New Federal-Mogul elastomeric material provides CO2 emissions reduction for manufacturing operations

Federal-Mogul Corporation has developed a novel elastomeric material, called K16, that eliminates a costly and energy-intensive curing process used throughout the industry. Federal-Mogul’s first application of the new molding technique eliminates the oven post-cure process from the production of elastomeric seals for UNIPISTON bonded hydraulic clutch pistons.

This enables the company to reduce the environmental footprint of its manufacturing operations with significant reductions in CO2 emissions and natural gas consumption. Federal-Mogul believes it is the first company to develop such a system for manufacturing high-performance-rubber products.

UNIPISTON bonded pistons convert hydraulic pressure into the mechanical force needed to engage clutch packs in automatic and dual-clutch transmissions. The production of bonded piston seals has required that the parts are baked, or cured, in an oven for up to 12 hours at approximately 175 °C. By eliminating the oven post cure process, Federal-Mogul calculates that the annual natural gas consumption at its Frankfort, Ind., plant alone will decrease by 40 billion BTUs and prevent nearly 2000 tons of CO2 emissions from entering the atmosphere annually. This reduction in energy use is equivalent to the energy used by approximately 370 average single-family detached homes in the United States for an entire year.

The finished K16 seal meets or exceeds the performance of previous seals both in terms of wear resistance and life expectancy and is based on proven long-chain elastomers.

According to Federal-Mogul’s global director Sealing Technology and Innovation, Larry Brouwer, the company intends to expand K16 technology for other product applications such as gaskets for oil pans or valve and engine covers or virtually any other sealing application.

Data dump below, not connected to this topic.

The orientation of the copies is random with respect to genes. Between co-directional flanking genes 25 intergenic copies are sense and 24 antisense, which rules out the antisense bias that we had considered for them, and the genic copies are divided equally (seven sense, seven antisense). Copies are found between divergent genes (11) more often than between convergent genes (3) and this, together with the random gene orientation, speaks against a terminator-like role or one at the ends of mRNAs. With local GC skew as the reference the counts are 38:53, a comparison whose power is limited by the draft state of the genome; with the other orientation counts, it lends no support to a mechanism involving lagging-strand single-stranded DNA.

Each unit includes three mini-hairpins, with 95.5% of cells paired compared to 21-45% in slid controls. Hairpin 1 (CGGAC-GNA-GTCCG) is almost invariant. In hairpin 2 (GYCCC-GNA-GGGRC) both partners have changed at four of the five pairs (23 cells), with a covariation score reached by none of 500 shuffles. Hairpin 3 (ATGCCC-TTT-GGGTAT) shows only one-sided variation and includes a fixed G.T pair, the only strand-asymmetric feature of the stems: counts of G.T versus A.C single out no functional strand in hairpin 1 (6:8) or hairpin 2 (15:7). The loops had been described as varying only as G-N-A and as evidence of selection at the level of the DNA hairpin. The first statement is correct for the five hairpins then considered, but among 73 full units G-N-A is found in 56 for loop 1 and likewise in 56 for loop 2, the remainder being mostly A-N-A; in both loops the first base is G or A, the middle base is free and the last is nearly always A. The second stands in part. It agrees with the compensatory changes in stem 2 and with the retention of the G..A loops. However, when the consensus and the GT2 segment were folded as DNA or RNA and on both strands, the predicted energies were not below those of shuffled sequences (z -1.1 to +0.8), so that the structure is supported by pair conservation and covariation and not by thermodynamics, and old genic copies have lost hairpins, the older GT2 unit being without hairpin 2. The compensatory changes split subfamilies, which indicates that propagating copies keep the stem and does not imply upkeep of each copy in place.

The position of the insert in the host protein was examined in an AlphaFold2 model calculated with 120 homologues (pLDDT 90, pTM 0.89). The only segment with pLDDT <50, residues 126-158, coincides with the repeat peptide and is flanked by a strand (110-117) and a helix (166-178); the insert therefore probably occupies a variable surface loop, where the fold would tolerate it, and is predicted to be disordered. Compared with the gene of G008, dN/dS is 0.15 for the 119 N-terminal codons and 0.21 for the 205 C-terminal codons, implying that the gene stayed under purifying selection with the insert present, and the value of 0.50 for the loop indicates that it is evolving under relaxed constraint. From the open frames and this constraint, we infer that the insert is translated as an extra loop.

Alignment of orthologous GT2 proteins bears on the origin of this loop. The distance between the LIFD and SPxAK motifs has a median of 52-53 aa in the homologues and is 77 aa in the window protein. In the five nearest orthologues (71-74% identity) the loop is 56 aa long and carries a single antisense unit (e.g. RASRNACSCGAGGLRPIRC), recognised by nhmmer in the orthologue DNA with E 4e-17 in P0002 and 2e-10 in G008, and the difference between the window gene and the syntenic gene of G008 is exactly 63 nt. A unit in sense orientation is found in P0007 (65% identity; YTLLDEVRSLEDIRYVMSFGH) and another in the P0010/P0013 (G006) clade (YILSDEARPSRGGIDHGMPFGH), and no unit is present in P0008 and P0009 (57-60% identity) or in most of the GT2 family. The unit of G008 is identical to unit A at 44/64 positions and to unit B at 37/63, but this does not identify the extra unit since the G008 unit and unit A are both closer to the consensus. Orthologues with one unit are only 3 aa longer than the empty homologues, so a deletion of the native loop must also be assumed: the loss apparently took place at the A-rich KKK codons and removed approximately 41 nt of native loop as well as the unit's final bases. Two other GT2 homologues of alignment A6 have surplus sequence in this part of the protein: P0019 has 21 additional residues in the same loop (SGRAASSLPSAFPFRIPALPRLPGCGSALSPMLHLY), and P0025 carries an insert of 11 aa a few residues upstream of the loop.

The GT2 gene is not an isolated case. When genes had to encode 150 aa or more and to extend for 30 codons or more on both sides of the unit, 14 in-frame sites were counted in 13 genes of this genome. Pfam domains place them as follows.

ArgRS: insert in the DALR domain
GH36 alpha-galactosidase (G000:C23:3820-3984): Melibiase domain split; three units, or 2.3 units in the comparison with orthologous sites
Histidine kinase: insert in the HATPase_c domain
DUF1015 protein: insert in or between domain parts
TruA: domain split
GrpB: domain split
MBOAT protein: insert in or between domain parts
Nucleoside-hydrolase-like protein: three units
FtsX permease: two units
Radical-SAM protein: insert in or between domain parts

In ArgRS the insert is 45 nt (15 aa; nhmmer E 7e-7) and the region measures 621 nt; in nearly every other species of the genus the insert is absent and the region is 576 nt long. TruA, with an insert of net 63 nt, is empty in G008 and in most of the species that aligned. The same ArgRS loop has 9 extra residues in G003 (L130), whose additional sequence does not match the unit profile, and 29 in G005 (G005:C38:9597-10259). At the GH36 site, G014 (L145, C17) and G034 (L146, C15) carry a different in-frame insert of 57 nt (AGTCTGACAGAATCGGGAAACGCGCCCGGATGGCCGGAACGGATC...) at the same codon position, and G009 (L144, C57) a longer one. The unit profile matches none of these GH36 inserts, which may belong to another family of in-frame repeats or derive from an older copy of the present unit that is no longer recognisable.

Elastomers are normally formed by cross-linking millions of polymer molecules through vulcanization, which is traditionally carried out in two steps. In the first step, known as press cure, the elastomeric compound is forced into a mold that defines the desired shape. In this step, vulcanization is initiated by subjecting the compound to heat and pressure. Until now, the second step of vulcanization occurred during oven post cure, during which the compound is kept at a constant, elevated temperature for an extended period of time.

Federal-Mogul’s search for more environmentally friendly processes led us to a combination of polymer chemistries and press cure conditions that produced the right elastic properties without energy-intensive curing or the use of expensive rubbers. We developed a process monitoring and control system that adjusts the press cure time to compensate for any variation in temperature or material characteristics. This is the key to stabilizing the cross-links between the polymers without a post-cure stage.

—Larry Brouwer

The successful introduction of K16 on the company’s UNIPISTON product range is in production for several major OEMs. Plans are underway to integrate this at Federal-Mogul facilities around the world.


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